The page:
Comment by Harborough churches: Finding a deeper, richer meaning in sacrificing our own comforts, desires and wants

Every week, the Harborough churches write for the Harborough Mail. This week, it is the turn of Rev James Pickersgill, Team Vicar in the Harborough Anglican Team

Monday, 26th April 2021, 4:14 pm
Updated Monday, 26th April 2021, 4:16 pm
Rev James Pickersgill, Team Vicar in the Harborough Anglican Team

Viewpoint by Rev James Pickersgill, Team Vicar in the Harborough Anglican Team

“Alleluia…Christ is risen! He is risen indeed…Alleluia!” This is the familiar saying that Christians share at this time of year in the Easter season. We do so to celebrate the enduring truth of Jesus rising to new life after sacrificing his life for us, and in so doing,

drawing us back to the loving heart of God.

Whatever is happening in our world, this event over two thousand years ago can still have enduring meaning for each of us, knowing that God loves us all so much that he gave his only son for us.

Another familiar phrase, this time uttered by Mr Spock in Star Trek, is “It’s life Jim but not as we know it”. This probably echoes some sentiments for each of us as we look back over these past few months – the time that will be synonymous with the devastating effects of Covid-19 all across the world.

Even as I write, the effects in India are catastrophic and, despite each country battling the effects still, much aid is being directed there to help those desperately in need.

The personal cost physically, emotionally, financially, mentally and spiritually has affected each of us in a real and deep way. The cost probably is not fully known even at this moment in time, both locally and all around the world.

Perhaps life has not been as we know it lately but maybe some of us, in some ways, have found a deeper, richer meaning in sacrificing our own comforts, desires and wants. They have been replaced instead with a greater sense of other people and how we can love, serve, help and sacrifice, even for those who are very different from ourselves.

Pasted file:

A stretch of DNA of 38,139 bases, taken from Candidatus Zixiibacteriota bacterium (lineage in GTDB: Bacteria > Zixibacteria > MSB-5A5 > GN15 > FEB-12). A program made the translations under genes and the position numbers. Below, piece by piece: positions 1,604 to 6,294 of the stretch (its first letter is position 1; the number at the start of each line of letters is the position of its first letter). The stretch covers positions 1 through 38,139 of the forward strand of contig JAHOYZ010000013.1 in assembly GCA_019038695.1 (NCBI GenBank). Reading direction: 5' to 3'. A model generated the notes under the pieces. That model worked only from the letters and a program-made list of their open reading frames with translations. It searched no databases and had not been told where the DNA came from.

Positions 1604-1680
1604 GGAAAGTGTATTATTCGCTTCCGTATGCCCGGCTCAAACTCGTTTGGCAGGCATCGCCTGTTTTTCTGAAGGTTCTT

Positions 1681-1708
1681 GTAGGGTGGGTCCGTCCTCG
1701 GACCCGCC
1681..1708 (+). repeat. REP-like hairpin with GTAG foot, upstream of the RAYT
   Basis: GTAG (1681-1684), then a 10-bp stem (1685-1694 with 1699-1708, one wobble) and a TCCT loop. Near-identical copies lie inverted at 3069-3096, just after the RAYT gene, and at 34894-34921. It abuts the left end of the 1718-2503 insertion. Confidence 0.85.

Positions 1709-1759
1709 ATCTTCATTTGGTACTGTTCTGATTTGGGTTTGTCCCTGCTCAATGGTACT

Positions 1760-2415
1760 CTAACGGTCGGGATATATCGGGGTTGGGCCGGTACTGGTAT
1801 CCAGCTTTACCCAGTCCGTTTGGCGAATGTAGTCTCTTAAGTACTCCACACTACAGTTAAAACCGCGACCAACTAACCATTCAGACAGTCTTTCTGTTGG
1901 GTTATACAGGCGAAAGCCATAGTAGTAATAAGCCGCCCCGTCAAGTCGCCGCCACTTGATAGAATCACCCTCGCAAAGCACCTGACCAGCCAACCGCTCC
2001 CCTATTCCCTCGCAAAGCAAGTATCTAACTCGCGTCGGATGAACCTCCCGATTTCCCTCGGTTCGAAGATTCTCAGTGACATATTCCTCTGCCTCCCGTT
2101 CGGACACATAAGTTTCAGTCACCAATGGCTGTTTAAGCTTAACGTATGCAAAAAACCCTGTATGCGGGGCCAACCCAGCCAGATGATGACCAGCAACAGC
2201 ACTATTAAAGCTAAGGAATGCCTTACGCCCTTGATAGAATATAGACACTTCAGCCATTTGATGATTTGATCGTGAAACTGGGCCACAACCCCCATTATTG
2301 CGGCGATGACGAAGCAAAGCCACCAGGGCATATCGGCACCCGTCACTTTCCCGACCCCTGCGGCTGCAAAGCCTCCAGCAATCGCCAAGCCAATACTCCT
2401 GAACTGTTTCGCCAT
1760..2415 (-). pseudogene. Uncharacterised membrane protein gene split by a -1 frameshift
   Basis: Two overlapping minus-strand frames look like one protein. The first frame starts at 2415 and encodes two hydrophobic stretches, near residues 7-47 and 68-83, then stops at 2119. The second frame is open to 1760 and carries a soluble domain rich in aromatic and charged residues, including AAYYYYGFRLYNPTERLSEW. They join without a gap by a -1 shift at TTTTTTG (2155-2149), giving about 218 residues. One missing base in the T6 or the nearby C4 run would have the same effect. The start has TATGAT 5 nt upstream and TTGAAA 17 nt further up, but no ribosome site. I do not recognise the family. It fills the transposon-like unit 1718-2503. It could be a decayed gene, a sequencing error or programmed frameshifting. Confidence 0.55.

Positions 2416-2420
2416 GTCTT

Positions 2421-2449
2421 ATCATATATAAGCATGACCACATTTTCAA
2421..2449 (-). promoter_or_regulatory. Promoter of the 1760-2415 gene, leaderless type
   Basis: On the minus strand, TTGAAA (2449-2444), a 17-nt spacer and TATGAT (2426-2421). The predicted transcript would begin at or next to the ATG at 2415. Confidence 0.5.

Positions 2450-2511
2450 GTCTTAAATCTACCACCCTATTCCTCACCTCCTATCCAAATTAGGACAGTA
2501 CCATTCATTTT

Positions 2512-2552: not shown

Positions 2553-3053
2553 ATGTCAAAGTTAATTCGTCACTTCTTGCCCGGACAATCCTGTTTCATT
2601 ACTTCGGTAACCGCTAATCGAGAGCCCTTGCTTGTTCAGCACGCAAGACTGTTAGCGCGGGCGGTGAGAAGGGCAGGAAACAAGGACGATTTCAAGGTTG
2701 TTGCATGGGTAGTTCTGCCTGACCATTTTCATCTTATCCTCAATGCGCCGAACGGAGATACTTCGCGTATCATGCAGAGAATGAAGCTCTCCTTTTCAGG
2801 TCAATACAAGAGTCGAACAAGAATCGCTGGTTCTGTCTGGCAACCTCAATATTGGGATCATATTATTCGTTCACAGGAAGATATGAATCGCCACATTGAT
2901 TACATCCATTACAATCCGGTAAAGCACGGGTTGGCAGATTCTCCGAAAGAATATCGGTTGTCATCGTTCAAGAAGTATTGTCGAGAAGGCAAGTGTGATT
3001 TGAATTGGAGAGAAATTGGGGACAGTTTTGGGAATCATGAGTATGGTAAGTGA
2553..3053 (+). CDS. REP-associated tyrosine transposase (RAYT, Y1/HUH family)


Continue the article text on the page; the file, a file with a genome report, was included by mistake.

Perhaps too, in being denied the opportunity to do many of the activities we had all taken for granted, despite the obvious pain, we have found new rhythms which are better for our planet, better for ourselves and better for others.

As I reflect on my faith and all that has happened in this past year, I am reminded that I am not a Christian, or a Vicar for that matter, because I know a lot about God; I’m a Christian because amazingly I’ve come to know God spiritually. And more importantly and

wonderfully, I know that he knows all about me. That is true for each of us, and Jesus is there with us through the trials and tribulations as well as all the joys and celebrations.

As the chocolate, spring bulbs and excitement of Easter are fading, each of us can know the enduring truth that will lead us and sustain us into newness of life, whatever that may look like in the future for us all: “Alleluia…Christ is risen! He is risen indeed…Alleluia!”

By Rev James Pickersgill, Team Vicar in the Harborough Anglican Team